Tuesday, October 10, 2006

A Simple Poem for Virginia Woolf

This started out as a simple poem
for Virginia Woolf you know the kind
we women writers write these days
in our own rooms
on our own time
a salute a gesture of friendship
a psychological debt
paid off
I wanted it simple
and perfect round
hard as an
egg I thought
only once I'd said egg
I thought of the smell
of bacon grease and dirty frying-pans
and whether there were enough for breakfast
I couldn't help it
I wanted the poem to be carefree and easy
like children playing in the snow
I didn't mean to mention
the price of snowsuits or
how even on the most expensive ones
the zippers always snag
just when you're late for work
and trying to get the children
off to school on time
a straightforward poem
for Virginia Woolf that's all
I wanted really
not something tangled in
domestic life the way
Jane Austen's novels tangled
with her knitting her embroidery
whatever it was she hid them under
I didn't mean to go into all that
didn't intend to get confessional
and tell you how
every time I read a good poem
by a woman writer I'm always peeking
behind it trying to see
if she's still married
or has a lover at least
wanted to know what she did
with her kids while she wrote it
or whether she had any
and if she didn't if she'd chosen
not to or if she did did she
choose and why I didn't mean
to bother with that
and I certainly wasn't going
to tell you about the time
my best friend was sick in intensive care
and I went down to see her
but they wouldn't let me in
because I wasn't her husband
or her father her mother
I wasn't family
I was just her friend
and the friendship of women
wasn't mentioned
in hospital policy
or how I went out and kicked
a dent in the fender of my car
and sat there crying because
if she died I wouldn't be able
to tell her how much I loved her
(though she didn't and we laugh
about it now) but that's what got me
started I suppose wanting to write
a gesture of friendship
for a woman for a woman writer
for Virginia Woolf
and thinking I could do it
easily separating the words
from the lives they come from
that's what a good poem should do
after all and I wasn't going to make excuses
for being a woman blaming years of silence
for leaving us
so much to say

This started out as a simple poem
for Virginia Woolf
it wasn't going to mention history
or choices or women's lives
the complexities of women's friendships
or the countless gritty details
of an ordinary woman's life
that never appear in poems at all
yet even as I write these words
those ordinary details intervene
between the poem I meant to write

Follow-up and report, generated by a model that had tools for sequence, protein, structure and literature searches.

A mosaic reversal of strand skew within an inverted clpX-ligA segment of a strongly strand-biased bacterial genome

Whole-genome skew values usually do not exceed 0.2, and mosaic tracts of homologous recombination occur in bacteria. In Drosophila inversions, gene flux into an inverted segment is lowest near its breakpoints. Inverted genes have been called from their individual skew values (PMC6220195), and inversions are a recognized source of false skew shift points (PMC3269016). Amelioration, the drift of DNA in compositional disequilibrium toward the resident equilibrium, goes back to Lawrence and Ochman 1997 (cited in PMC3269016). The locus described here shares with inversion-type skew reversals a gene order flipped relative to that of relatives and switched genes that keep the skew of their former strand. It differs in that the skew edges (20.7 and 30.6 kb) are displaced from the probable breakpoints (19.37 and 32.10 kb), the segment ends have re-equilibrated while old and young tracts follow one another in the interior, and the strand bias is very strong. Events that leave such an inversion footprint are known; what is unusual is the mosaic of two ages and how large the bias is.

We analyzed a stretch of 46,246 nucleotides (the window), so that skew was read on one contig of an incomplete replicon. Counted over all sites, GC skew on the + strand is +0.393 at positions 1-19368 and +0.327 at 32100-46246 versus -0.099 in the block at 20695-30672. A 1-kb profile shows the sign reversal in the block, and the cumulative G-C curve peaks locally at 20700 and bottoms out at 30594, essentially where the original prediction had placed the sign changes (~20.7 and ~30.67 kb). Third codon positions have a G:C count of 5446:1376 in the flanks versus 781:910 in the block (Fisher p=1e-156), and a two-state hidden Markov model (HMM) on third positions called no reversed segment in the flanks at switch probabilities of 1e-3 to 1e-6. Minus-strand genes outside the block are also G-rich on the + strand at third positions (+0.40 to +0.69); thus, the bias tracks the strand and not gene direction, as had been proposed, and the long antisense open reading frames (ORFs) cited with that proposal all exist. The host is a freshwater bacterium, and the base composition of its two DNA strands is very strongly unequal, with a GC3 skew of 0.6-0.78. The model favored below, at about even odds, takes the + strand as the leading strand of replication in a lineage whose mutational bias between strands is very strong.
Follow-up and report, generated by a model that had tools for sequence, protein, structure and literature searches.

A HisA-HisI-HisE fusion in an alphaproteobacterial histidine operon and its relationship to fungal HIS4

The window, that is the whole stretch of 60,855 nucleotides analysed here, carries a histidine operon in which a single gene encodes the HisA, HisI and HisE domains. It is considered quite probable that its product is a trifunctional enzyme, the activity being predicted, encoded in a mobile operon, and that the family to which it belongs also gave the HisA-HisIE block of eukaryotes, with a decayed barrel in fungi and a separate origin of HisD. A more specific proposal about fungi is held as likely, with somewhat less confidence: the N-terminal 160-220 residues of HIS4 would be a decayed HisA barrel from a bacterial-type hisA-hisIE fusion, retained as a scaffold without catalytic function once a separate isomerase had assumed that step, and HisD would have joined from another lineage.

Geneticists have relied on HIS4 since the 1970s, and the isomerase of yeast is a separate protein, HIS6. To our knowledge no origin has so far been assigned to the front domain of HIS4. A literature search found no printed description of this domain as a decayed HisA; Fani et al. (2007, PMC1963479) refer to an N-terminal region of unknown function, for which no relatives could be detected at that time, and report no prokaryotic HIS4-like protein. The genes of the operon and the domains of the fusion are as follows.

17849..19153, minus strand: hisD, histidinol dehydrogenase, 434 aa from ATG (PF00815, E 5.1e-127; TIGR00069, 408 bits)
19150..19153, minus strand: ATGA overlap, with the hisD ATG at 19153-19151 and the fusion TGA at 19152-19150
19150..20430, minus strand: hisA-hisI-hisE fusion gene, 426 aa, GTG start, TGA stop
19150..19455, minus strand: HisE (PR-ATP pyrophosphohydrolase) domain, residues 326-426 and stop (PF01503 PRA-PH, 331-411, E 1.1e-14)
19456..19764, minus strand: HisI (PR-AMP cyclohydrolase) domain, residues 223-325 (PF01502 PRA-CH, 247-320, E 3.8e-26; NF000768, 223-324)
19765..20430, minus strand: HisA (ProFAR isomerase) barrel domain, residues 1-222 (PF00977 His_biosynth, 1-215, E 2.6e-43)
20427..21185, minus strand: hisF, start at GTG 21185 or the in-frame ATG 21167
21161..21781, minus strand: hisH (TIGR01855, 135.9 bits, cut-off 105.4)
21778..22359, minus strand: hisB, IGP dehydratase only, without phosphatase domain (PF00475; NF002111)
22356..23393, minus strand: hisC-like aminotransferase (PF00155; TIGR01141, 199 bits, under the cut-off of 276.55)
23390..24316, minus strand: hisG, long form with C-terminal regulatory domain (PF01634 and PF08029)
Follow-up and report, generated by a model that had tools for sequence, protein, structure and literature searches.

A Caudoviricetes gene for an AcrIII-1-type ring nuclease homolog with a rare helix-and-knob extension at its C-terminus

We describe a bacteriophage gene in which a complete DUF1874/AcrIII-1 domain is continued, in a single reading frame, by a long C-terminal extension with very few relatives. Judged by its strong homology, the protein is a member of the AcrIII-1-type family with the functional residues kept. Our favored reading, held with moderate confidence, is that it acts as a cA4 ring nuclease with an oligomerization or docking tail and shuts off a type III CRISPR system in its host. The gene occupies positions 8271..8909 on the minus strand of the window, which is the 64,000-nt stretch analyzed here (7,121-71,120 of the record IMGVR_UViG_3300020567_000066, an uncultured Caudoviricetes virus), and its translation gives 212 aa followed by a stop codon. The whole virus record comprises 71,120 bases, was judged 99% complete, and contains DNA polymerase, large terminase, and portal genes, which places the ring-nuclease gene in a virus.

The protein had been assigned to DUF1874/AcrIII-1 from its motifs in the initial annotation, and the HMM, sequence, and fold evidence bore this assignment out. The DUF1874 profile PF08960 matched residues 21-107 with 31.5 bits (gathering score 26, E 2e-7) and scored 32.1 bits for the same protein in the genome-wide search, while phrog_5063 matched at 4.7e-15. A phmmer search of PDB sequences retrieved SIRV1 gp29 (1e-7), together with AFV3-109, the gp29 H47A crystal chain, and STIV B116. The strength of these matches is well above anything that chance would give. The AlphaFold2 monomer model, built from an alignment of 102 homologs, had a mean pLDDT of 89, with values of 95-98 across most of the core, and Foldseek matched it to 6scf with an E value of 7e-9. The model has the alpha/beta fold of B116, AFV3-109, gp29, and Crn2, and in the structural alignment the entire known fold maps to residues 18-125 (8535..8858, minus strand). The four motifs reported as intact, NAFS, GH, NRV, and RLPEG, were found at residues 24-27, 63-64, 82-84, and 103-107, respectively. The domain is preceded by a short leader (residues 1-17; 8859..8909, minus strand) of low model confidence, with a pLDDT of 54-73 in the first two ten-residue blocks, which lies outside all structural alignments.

and this one where the delicate faces
of my children faces of friends
of women I have never even seen
glow on the blank pages
and deeper than any silence
press around me
waiting their turn

Bronwen Wallace

Here's a mini biography of Wallace from Wikipedia:
Bronwen Wallace (26 May 1945 – 25 August 1989) was a Canadian poet
and short story writer.
Wallace was born in Kingston, Ontario. She attended Queen's
University, Kingston (B.A. 1967, M.A. 1969). In 1970, she moved to
Windsor, Ontario, where she founded a women's bookstore and became
active in working class and women's activist groups. In 1977, she
returned to Kingston, where she worked at a women's shelter and
taught at St. Lawrence College and Queen's. She wrote a weekly column
for the Kingston Whig-Standard. In 1988, she was writer-in-residence
at the University of Western Ontario.

Her collections testify to her social activism involving women's
rights, civil rights, and social policy. A primary focus of her work
was violence against women and children.

In a series of letters published in 1994 as Two Women Talking:
Correspondence 1985-1987, Wallace and poet Erin Mouré discuss
feminist theory. Mouré defends the language philosophers
(particularly Wittgenstein) who demonstrate that our speech, and the
concepts expressible in language, governs our knowledge and actions.
However, Wallace disagreed that language-centred writing rescues
women from the patriarchy, claiming that it can be easily co-opted by
patriarchs. Society's use of politically correct language bears this
out. Wallace believed that by engaging her readers in the issues of
violence, she could provoke change in the reader and hence in society.

Wallace died of cancer in 1989. Her first and only published
collection of short stories, People You'd Trust Your Life To, was
published posthumously in 1990.

The Bronwen Wallace Memorial Award, funded by friends of the poet and
the Writers' Trust of Canada, is an annual prize given to a young,
promising poet or fiction writer who is under the age of 35 and

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